• It can cause symptoms like excessive thirst, needing to pee a lot and tiredness. It can also increase your risk of getting serious problems with your eyes, heart and nerves.
  • It’s a lifelong condition that can affect your everyday life. You may need to change your diet, take medicines and have regular check-ups.

It’s caused by problems with a hormone in the body called insulin. It’s often linked to being overweight or inactive, or having a family history of Type 2 diabetes.

Simple lifestyle changes around diet, activity levels and weight management can often prevent or delay the condition.

1. Understand the problem and what you can do, in this
video 

2. Check your risk on the Diabetes UK charity
website 
- if your risk is high, access the NHS Diabetes Prevention Programme here at SAMC
 



3. Get lots of ideas and support - to make small changes for a big impact on your health and wellbeing here

 

Drinking

What's the issue?

1 in 25 people has a drink problem!

Drinking  less reduces long-term risk of cancer, heart and liver disease and diabetes. Short term, drinking less can improve your skin, sleep patterns, mood and sex life.

Government guidelines (January 2016):

  • Not to drink - on a daily basis - more than 2-3 units = for example, 1 small glass of wine (175ml) or 1 pint of beer of 4% strength
  • To have a minimum of 2-3 days per week with no alcohol
 




 

 

 

 

Fitness

We all now we need to take plenty of exercise for our own good, so why not try the free outdoor gym just round the corner at Pennington Grounds.

Fancy a free game of basketball, volleyball or tennis on new courts in Pennington Grounds?

No need to book, nets provided, just bring your own equipment.

Healthy heart

What's the issue?
When your heart beats it pushes blood through the arteries to your body. If this force puts too pressure on the arteries, it can raise the risk of heart attack, stroke or kidney disease.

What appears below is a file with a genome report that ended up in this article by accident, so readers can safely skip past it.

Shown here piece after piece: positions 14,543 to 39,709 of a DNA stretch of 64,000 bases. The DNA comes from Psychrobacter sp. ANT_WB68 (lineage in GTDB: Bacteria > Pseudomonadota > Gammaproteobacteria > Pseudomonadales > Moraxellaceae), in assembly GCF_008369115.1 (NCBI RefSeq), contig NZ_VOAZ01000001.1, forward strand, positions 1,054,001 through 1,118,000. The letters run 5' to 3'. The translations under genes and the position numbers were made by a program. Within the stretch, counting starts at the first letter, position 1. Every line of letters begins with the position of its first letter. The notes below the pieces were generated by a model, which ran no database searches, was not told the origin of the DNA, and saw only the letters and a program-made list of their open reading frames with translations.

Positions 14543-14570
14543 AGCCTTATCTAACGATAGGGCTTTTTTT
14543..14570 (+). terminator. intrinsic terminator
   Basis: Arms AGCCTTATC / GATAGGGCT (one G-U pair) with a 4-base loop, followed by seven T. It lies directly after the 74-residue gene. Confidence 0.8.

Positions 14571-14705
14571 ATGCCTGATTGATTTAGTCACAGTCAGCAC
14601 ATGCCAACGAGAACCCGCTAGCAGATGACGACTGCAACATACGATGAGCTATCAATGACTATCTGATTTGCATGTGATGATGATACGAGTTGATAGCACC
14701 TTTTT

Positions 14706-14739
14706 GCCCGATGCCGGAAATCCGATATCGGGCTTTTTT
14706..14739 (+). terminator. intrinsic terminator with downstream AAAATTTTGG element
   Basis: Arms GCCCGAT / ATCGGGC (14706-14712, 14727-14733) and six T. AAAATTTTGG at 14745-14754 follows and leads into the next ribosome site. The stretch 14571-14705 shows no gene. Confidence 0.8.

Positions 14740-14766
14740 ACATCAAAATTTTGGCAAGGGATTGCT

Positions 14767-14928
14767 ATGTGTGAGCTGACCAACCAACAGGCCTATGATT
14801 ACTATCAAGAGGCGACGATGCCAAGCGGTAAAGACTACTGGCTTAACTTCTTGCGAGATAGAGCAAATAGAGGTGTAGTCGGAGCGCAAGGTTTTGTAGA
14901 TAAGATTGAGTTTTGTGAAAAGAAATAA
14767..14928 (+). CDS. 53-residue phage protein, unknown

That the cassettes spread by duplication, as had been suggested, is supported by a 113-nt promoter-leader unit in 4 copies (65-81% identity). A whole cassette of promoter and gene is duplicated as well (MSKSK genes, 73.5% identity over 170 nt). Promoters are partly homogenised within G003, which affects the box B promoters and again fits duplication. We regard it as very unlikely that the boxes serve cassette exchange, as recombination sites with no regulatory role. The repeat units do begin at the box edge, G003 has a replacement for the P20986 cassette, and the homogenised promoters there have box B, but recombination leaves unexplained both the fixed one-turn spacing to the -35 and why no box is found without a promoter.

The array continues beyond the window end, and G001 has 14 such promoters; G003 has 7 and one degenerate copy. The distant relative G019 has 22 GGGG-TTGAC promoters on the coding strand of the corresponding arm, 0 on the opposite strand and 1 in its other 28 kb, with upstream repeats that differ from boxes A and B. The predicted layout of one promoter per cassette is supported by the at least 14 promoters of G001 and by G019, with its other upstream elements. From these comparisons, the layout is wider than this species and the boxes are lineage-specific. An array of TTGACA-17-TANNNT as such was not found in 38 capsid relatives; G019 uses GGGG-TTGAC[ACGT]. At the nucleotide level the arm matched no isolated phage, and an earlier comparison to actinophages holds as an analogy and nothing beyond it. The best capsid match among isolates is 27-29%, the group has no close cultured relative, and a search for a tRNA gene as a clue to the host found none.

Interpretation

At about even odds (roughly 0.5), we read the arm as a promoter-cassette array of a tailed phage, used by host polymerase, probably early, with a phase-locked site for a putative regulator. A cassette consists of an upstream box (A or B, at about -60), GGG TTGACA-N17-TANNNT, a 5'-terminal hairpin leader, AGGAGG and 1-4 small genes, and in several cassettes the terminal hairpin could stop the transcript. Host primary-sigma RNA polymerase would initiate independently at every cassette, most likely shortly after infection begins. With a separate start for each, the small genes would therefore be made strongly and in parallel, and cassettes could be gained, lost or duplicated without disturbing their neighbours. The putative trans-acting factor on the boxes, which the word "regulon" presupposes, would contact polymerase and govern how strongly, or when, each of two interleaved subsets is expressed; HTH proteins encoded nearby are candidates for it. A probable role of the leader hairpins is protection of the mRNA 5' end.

Do you know your blood pressure numbers?
Get your blood pressure checked annually.

Help yourself to a healthy heart

  • Eat healthy
  • Get active
  • Stop smoking
  • Reduce alcohol intake
  • Take fewer caffeinated drinks
  • Relax

 

Weight

What's the issue?

If you are overweight or 'obese' you are at higher risk of developing serious health problems, like heart disease, high blood pressure and diabetes.

  • 1 in 4 adults is 'obese';
  • 3 in 10 boys and girls (aged 2 to 15) are overweight or 'obese'
  • 1 in 10 children aged 4-5 years are 'obese'

If you are overweight or 'obese' you are at higher risk of developing serious health problems, like heart disease, high blood pressure and diabetes

You can you tell if you have a weight problem from your BMI (body mass index) - an estimate of how much fat you have in your body, using your height and weight measurements.

You can calculate it yourself by dividing your weight (in kilos) by your (height x your height, in metres); or you can ask your Doctor to do it for you.

If your weight is normal you have a BMI of between 18.5 and 24.9. If you have a BMI of over 25, start thinking about making some lifestyle changes - it really is in your interests.